Some in the business aviation industry leave behind their families and jobs to serve in active war zones. In the continuing AIN series intended to recognize those in our community who defend the way of life we continue to enjoy back home, senior editor David A. Lombardo spoke with A&P mechanic Kevin Edwards about his recent service in the U.S. Army National Guard. This is Edwards's story. If you or someone you know in business aviation is absent and in harm's way on our behalf, we'd like to hear from you.
Sergeant Kevin Edwards
South Carolina Army National Guard
A&P mechanic, StandardAero, Augusta, Ga.
When I decided to join the National Guard I knew I didn't want to work in aviation. I wanted to do something different from my civilian job, so I signed up for the infantry," Kevin Edwards told AIN.
Edwards was trained as an infantry soldier but he has been cross-trained to assist communities in the event of natural disaster.
"Our unit is prepared to activate in the event of an attack on U.S. or foreign soil. As a result, we are currently on a Homeland Security mission to support any need that may arise here in the United States," Edwards said.
He said he regularly trains in the techniques of urban combat, jungle survival, room clearing and a variety of other associated tasks.
"On the Homeland Security side of things we are trained how to evacuate areas stricken by disaster as well as how to properly search for victims, provide medevac support and provide security for affected areas," he said.
Edwards originally joined the Air Force in 1982 and served in Columbus, Mo., and Okinawa, Japan. The experience he gained in aviation maintenance while in the Air Force laid the groundwork for him to transition into civilian aviation when he was discharged in 1986.
Edwards was working for Gulfstream in Savannah, Ga., on 9/11 and immediately went to a recruiter and enlisted for three years in the Army National Guard. He was trained as a forward observer and did that for two months, then transferred into a long-range recon and surveillance unit. "I discovered there is a big difference between the social club Air Force lifestyle and the ground pounding, get'er done, Army infantry lifestyle," he said.
"I was in the Guard and working for Gulfstream for two years when I was given one year leave of absence to go to Iraq as a civilian contractor working on Army Black Hawk helicopters. I was there for about six months, returned to the states in early 2004, finished out my contract at Fort Campbell, Kentucky, and returned to Gulfstream," he said.
Edwards continued to work for Gulfstream for a year and in July 2005 took |a position as a maintenance technician with StandardAero in Augusta, Ga., where he works on a variety of bizjets.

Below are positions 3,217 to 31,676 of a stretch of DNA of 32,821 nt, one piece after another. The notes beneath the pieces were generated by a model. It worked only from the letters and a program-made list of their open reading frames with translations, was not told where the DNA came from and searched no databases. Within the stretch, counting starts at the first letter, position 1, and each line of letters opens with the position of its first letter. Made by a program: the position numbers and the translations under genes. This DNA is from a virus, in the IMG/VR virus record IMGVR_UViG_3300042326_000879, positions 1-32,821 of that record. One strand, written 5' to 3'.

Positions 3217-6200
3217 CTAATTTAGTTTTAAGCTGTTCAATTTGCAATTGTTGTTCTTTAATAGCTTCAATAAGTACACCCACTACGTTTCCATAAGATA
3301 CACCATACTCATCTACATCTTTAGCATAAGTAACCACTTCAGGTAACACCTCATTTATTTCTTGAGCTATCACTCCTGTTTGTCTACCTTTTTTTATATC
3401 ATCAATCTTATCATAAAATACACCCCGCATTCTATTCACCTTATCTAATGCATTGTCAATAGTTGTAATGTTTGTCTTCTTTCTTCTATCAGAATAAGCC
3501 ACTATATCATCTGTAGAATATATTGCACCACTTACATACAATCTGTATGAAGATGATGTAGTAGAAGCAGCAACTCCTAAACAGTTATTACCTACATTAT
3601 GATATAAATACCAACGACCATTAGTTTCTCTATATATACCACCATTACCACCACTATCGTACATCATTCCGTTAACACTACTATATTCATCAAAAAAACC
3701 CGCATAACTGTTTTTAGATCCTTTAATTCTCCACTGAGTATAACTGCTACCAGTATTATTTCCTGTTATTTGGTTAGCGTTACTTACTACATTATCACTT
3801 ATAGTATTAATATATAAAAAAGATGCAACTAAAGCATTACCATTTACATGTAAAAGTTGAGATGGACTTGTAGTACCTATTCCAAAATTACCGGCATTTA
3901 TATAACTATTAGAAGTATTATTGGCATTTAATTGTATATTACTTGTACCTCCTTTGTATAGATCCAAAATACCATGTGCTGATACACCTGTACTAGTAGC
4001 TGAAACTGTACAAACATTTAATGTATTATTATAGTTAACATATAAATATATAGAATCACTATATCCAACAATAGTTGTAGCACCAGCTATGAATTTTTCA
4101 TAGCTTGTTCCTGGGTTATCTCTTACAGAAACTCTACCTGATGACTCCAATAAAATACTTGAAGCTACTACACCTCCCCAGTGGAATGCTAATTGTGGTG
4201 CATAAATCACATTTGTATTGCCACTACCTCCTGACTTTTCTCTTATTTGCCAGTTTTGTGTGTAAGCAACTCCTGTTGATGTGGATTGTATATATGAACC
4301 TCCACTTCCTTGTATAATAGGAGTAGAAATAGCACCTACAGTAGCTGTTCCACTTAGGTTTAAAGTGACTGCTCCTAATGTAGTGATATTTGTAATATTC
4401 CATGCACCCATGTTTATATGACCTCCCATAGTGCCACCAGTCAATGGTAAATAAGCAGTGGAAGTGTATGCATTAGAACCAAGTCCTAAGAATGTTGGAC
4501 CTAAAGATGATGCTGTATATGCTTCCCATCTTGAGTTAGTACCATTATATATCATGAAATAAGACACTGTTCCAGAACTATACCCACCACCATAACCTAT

"By the middle of 2007 I really began to miss the military aspect of my life, so I re-enlisted with the Georgia National Guard's 48th Infantry Brigade. In early 2008 I transferred from the Georgia Guard to the South Carolina Guard."
Edwards said he found the Army Guard to be a better fit for him. "I found the training helped build a solid leadership and integrity foundation that transferred well into my civilian job, where I deal with customers directly while performing aircraft maintenance in the field away from our Augusta facility," he said.
"I enjoy a great sense of duty to my country. No matter who's in office, whether I agree or disagree with their policies, I am always ready to drop what I am doing to perform whatever may be required of me by my country," he said.
As a civilian Edwards performs inspections and maintenance on Challengers, Citations and the Embraer Legacy. "I also take care of a variety of Gulfstreams," he said. "Other duties include light paint and composite repair, supporting the airline regional jets in the event of a maintenance issue as they fly into Augusta and performing road trips in support of our current customers." Edwards also serves as a regional director for the Professional Aviation Maintenance Association and is an FAA Safety Team (FaasTeam) lead representative.
"StandardAero has been great with its support. The company has worked to improve benefits for its military employees and has never failed to recognize our efforts. The other members of my crew pull together to take up the slack during my absence so the job suffers little if any negative effect by my absence," he said.
"Since being in the National Guard, I have worked with two major aviation industry employers and have received only the best support for what I do. Unfortunately, many employers complain the soldier is spending too much time on his military job, but it's because of our military that employers are able to maintain the workloads that they enjoy and the net profits that result," Edwards said.
"If I could say one thing to all the employers of National Guard and Reserve personnel it would be this: 'Please support your soldiers. Their training may well save their lives when they are deployed, and it will cross over and provide the company with a true leader.